Nonprofit Warm Current Takes Tribal Kids out to Surf

A young member of the Makah tribe has fun with a Warm Current volunteer surf coach. Photo by Emily Rieman.
written by Michelle Kehm

FOR NATIONAL OCEANIC AND ATMOSPHERIC Association scientist and Warm Current board chairwoman Abigail McCarthy, surfing is more than just a pastime. It’s her touchstone, her teacher—and her mission.

“Surfing is a challenge and in the best way possible,” McCarthy said. “It’s also ridiculously fun and we love to do it, so why not share it?”

Warm Current is a volunteer-run nonprofit that holds yearly surf camps for kids along the Oregon, Washington and California coasts. Over a span of ten years, the organization has worked with more than 2,000 kids and 600 volunteers, teaching basic surfing techniques, environmental stewardship and personal growth. The camps are free and designed to get kids between the ages of 6 and 18 into the water and riding a wave. For many of Washington’s Native-American kids, those waves happen to be right in their own backyard.

“Some of the best surf in Washington is along tribal lands,” McCarthy said. “The kids who live there have a connection with the ocean that goes back millennia, but many of them have never surfed.” This is where Warm Current steps up, bringing in wetsuits, soft-top surfboards and volunteers from all walks of life. They show up ready to teach the kids how much fun they can have just outside their front door.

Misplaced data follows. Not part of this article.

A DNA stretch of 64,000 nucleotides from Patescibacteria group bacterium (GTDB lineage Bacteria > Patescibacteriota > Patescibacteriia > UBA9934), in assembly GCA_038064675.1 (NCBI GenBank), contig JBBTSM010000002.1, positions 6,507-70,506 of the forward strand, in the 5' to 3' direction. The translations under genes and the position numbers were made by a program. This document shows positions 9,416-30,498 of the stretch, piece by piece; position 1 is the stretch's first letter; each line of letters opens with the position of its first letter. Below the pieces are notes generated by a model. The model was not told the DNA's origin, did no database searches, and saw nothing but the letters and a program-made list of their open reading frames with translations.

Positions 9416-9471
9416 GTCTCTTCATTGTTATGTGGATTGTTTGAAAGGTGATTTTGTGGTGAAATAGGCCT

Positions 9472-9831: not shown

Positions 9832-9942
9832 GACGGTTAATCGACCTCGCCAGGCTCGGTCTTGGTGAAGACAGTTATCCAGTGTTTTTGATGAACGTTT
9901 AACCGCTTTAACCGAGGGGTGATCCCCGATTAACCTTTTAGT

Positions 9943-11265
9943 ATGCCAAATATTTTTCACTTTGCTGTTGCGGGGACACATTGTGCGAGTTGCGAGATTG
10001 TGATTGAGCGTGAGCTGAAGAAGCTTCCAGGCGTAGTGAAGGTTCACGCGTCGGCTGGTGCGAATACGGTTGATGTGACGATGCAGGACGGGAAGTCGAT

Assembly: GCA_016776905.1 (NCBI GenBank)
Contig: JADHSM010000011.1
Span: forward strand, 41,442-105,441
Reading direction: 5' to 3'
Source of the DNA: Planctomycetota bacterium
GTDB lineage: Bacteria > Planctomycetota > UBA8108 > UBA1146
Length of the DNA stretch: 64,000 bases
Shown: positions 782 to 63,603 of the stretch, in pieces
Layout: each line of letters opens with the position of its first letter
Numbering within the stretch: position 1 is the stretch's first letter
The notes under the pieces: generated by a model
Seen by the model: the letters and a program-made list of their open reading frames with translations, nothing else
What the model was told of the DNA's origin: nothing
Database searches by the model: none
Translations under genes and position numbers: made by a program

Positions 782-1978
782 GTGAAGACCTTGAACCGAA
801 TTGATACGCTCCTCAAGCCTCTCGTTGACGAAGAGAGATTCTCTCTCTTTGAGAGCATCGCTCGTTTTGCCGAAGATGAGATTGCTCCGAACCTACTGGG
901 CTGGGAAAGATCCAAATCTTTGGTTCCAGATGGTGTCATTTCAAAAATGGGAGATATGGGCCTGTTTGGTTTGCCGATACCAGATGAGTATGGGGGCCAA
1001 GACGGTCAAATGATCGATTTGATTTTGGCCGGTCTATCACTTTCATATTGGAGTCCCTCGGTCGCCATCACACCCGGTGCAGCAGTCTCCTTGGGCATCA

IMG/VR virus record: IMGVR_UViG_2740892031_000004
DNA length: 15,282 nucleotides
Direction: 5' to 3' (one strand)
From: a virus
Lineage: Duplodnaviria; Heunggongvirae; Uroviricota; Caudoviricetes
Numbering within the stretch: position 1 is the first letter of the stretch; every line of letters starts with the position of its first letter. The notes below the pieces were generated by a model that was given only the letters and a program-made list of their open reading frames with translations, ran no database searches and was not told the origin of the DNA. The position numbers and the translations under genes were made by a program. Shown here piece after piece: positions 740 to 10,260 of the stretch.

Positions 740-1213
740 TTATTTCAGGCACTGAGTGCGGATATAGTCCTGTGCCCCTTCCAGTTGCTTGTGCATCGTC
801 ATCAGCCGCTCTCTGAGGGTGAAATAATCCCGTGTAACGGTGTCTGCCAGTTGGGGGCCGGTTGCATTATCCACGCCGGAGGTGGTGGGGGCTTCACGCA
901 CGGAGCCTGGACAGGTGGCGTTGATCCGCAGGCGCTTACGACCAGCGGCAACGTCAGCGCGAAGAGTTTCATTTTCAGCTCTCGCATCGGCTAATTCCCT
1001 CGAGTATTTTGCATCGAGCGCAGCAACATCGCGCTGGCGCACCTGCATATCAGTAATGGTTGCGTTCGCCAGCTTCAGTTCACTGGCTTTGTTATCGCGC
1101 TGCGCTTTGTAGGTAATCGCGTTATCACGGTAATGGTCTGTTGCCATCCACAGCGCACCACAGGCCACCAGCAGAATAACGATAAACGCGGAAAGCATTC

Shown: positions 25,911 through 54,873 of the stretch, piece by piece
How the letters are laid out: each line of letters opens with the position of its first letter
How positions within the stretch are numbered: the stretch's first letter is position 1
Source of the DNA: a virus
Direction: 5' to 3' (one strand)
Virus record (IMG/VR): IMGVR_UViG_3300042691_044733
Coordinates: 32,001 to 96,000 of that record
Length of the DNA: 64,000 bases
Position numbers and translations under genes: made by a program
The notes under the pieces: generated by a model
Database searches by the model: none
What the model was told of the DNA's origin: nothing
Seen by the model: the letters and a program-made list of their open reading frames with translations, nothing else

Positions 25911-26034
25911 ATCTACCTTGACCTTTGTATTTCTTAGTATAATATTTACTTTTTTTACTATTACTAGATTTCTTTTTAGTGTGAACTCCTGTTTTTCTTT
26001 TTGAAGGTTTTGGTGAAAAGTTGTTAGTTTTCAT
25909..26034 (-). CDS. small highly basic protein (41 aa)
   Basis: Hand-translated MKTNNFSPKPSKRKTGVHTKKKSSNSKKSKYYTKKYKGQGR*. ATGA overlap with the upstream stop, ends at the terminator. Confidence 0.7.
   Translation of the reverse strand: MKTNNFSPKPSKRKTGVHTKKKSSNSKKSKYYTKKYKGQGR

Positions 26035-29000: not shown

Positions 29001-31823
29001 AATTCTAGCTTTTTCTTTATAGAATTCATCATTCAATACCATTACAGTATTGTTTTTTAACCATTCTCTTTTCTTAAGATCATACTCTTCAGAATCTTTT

Warm Current works with the Makah, Hoh, Quinault and Quileute tribes to organize day camps on Washington tribal lands every summer. Well aware that Warm Current volunteers are incredibly lucky to be welcomed to surf some of the best breaks in the state, McCarthy has organized tribal advisory groups, encouraging tribe members and parents to give their input on how the camps are run.

“We definitely put the safety of the kids first,” she said. “Before anyone is allowed into the water, I give detailed safety talks and we have a group beach cleanup.” Each camp always has two trained lifeguards as well. “In La Push, we even have the Coast Guard,” she said. “They call us to see when the camps are, so that they can be a part of it.”

After safety is addressed and the kids are suited in head-to-toe neoprene, vetted volunteers walk the kids into the water, never going more than waist-deep, and help them catch their first wave. Sometimes the kids are more excited to get into the 53-degree Pacific than the volunteers are, jumping in with their parents to play in the waves before the wetsuits are on.

Surfing is as much about overcoming obstacles as it is about fun and, when the day is over, McCarthy hopes this is the one lesson that really sticks. “When I see these kids stand up on their boards for the first time, it’s such a feeling of joy and accomplishment,” she said. “For me, sure. But hopefully for the kids, too. Surfing has something to teach all of us.” 

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